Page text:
The cost of pharmaceutical drugs can be staggering and often leads patients to consider cheaper alternatives. While generic drugs now offer a more affordable option, the counterfeit medication market is still thriving, and supplying patients globally.
A fake drug or counterfeit medication is any substance that is packaged or marketed in a deceptive manner. In most cases though, it involves tablets, capsules and liquids that look like the real drug or packaged to mimic the genuine item.
Counterfeit Medication – Manufacture, Supply and Purchase
Most counterfeit drugs are manufactured in developing countries, particularly Asian nations, where law enforcement and government regulations may be poor. However, an increasing amount of counterfeit drugs are now being manufactured in Africa, Latin America and eastern European countries. Some illegal laboratories do exist in developed nations, however, it is often cheaper for peddlers to smuggle in these drugs from developing nations due to the lower cost.
One of the common ways that many patients acquire fake drugs, apart from the local ‘black market’, is to purchase the counterfeit medication while holidaying overseas, usually in a developing country with poor regulations regarding the sale of pharmaceutical drugs. Another method that has been growing in popularity in recent years is purchasing these drugs online (on the internet) and having it shipped to the buyer’s country of residence.
Less frequently, unethical pharmacists and small grocery or spice stores may sell these counterfeit medicines to a select clientele. However, law enforcement agencies have been cracking down on these outlets as they are legitimate traders dealing in counterfeit medicines and are easier to trace due to a fixed address.
Purchasing a counterfeit medicine is illegal and depending on your country of residence and place of purchase, you may be committing a criminal offense.
What is in Counterfeit Medication?
Composition and Ingredients
Some counterfeit drugs are actually the genuine product which has been stolen from the manufacturer, transport companies, wholesalers or pharmacies. At times, the genuine product which has expired is repackaged with new expiry dates. While this may seem acceptable to the unsuspecting patient, it is important to bear in mind that the stability and concentration of the active ingredient may be affected due to time.
Other counterfeit drugs may contain the exact active ingredient but are manufactured by overseas laboratories where international patents are difficult to enforce. Since these companies have not invested in the research and development (R&D) costs and can source cheaper raw materials and labor, they are able to produce a cheaper product.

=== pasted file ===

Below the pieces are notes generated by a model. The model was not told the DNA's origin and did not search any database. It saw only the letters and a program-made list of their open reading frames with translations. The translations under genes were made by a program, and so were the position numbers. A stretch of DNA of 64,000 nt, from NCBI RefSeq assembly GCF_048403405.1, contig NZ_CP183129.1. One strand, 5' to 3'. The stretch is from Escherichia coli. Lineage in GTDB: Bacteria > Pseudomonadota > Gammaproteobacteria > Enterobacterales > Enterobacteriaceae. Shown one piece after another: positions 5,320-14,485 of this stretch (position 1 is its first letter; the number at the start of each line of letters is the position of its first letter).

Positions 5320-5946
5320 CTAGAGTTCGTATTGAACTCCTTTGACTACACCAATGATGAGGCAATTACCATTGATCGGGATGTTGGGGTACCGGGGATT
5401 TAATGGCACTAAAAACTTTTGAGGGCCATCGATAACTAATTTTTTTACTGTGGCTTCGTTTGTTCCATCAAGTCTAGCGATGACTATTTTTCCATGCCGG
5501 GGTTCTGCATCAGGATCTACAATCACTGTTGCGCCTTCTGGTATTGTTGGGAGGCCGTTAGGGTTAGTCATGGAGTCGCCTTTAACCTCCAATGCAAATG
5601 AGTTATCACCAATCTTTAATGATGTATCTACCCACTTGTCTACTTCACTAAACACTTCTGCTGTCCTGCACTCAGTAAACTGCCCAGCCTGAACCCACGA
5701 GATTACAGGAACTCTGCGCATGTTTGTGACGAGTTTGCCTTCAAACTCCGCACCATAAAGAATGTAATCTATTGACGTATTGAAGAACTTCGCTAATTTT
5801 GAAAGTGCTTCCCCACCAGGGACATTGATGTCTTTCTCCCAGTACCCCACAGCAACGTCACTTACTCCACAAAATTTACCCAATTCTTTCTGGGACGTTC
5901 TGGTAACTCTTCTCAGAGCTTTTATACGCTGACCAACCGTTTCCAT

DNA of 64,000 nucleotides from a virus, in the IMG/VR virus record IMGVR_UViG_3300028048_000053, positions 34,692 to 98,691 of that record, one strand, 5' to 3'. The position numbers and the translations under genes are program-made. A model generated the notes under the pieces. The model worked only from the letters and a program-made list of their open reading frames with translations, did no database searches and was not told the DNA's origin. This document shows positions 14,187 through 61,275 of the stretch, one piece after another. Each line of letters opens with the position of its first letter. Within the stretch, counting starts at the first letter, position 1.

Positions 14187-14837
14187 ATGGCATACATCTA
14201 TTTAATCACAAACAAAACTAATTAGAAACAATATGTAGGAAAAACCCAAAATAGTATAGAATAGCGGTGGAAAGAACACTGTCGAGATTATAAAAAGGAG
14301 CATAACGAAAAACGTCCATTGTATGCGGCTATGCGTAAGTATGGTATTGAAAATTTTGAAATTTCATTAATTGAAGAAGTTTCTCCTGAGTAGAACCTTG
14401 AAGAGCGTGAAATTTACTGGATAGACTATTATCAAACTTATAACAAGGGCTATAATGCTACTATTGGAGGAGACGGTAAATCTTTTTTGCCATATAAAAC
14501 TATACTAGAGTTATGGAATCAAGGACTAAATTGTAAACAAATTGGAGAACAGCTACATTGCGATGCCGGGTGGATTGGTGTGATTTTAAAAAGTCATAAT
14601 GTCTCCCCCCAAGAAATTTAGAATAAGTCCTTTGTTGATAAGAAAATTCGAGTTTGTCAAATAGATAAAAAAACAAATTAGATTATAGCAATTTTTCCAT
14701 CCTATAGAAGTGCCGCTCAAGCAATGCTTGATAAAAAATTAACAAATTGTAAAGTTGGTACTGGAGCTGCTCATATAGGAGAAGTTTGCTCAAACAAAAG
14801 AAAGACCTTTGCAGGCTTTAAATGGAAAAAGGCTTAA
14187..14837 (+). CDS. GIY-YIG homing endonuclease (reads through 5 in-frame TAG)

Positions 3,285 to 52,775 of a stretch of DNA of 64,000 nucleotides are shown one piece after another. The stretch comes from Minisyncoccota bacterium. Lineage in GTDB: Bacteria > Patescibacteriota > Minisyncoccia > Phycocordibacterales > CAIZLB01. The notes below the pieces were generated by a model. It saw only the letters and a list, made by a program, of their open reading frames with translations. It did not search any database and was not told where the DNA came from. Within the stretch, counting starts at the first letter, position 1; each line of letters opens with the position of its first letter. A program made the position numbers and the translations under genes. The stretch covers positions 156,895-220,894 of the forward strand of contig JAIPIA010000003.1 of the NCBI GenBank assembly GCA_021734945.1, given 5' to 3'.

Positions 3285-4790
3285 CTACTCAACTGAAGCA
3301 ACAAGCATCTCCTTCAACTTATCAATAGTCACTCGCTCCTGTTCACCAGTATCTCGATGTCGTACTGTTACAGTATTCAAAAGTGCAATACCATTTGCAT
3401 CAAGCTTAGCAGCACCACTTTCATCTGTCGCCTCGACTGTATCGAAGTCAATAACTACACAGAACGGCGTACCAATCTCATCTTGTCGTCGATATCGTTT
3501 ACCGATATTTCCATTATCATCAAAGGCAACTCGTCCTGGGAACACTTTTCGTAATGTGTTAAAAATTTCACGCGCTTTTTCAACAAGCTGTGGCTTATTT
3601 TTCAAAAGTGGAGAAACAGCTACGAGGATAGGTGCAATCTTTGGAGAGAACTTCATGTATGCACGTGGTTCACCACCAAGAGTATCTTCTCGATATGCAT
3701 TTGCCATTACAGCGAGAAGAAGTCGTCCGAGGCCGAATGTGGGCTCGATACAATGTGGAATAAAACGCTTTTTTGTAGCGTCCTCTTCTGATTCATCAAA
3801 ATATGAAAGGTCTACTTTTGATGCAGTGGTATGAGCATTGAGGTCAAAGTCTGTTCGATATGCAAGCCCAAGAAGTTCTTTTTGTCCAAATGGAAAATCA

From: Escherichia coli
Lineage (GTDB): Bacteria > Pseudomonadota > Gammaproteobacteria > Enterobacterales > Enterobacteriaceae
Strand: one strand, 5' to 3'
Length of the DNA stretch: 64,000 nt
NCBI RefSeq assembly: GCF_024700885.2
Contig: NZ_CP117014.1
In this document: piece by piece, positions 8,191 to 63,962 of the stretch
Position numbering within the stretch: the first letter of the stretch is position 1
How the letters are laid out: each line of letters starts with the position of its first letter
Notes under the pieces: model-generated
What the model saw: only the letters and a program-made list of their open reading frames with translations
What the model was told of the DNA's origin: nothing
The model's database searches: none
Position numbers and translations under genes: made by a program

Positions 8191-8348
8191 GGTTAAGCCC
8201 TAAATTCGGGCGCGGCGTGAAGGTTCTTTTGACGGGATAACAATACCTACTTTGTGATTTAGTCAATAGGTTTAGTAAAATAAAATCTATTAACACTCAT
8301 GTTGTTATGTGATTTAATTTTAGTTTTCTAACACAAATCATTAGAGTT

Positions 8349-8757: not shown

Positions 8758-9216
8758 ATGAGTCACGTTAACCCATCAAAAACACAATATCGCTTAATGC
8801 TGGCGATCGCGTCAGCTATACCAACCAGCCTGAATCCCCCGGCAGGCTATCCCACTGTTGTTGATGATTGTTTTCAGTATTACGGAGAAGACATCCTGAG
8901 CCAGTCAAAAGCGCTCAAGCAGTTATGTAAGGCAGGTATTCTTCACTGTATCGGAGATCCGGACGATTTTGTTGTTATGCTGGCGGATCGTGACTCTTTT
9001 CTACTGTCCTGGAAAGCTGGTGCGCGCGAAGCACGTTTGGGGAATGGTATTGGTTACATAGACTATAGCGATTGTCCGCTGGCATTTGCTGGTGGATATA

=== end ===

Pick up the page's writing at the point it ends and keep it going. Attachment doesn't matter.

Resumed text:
However, a significant portion of counterfeit drugs do not contain any active ingredient, may have herbal ingredients, animal parts or contain other chemicals, which may be toxic. Less frequently, some of these counterfeit drugs do contain the active ingredient in varying concentrations, some of which are significantly high and can cause serious adverse effects.
The one common factor among all these types of fake drugs is that they almost always resemble the genuine item including the form, packaging and labeling.
Types of Fake Drugs
Counterfeiters specializing in fake pharmaceutical drugs will manufacture a product to resemble any type of drug. Chronic medication is the most popular and can vary from hypertensive drugs to diabetes medicines. Antibiotics, corticosteroids, drugs for erectile dysfunction, cancer drugs and antiretrovirals for HIV/AIDS are also among the popular drugs that are counterfeited.
Dangers of Fake Drugs
Apart from committing a crime by purchasing these drugs, counterfeit medicines may pose a serious health risk.
Drugs with no active ingredients or containing other chemicals that have no therapeutic value or relevance for the condition that is being treated may accelerate the progression of the disease. With serious conditions, this can prove fatal. It can also complicate the condition which legal pharmaceutical drugs cannot treat afterwards – for example, bacterial drug resistance by using counterfeit antibiotics.
Counterfeit drugs with other toxic substances can cause serious side effects or result in poisoning which may be detrimental to your health or even fatal. Some drugs may be manufactured in unhygienic conditions and contain dangerously high levels of pathogenic bacteria or fungi.
Side Effects of Fake Drugs
Legitimate pharmaceutical drugs may have side effects but if your doctor is fully aware of your medical history and current health status, the chances of experiencing side effects are reduced. With counterfeit medicines, these side effects are more likely to occur since the exact composition of these drugs are unknown.
Allergic reactions and gastrointestinal disturbances like nausea, vomiting and diarrhea, are among the common side effects. Heavy metals and toxic compounds may cause symptoms of poisoning including changes in heart function, blood glucose levels, gas perfusion (transport of oxygen and carbon dioxide in the blood), dyspnea and even organ failure.
Many patients with a chronic condition may notice an exacerbation of the signs and symptoms associated with their condition.
- Counterfeit Medicines. U.S. Food and Drug Administration (FDA)
Article reviewed by Dr. Greg. Last updated on May 18, 2010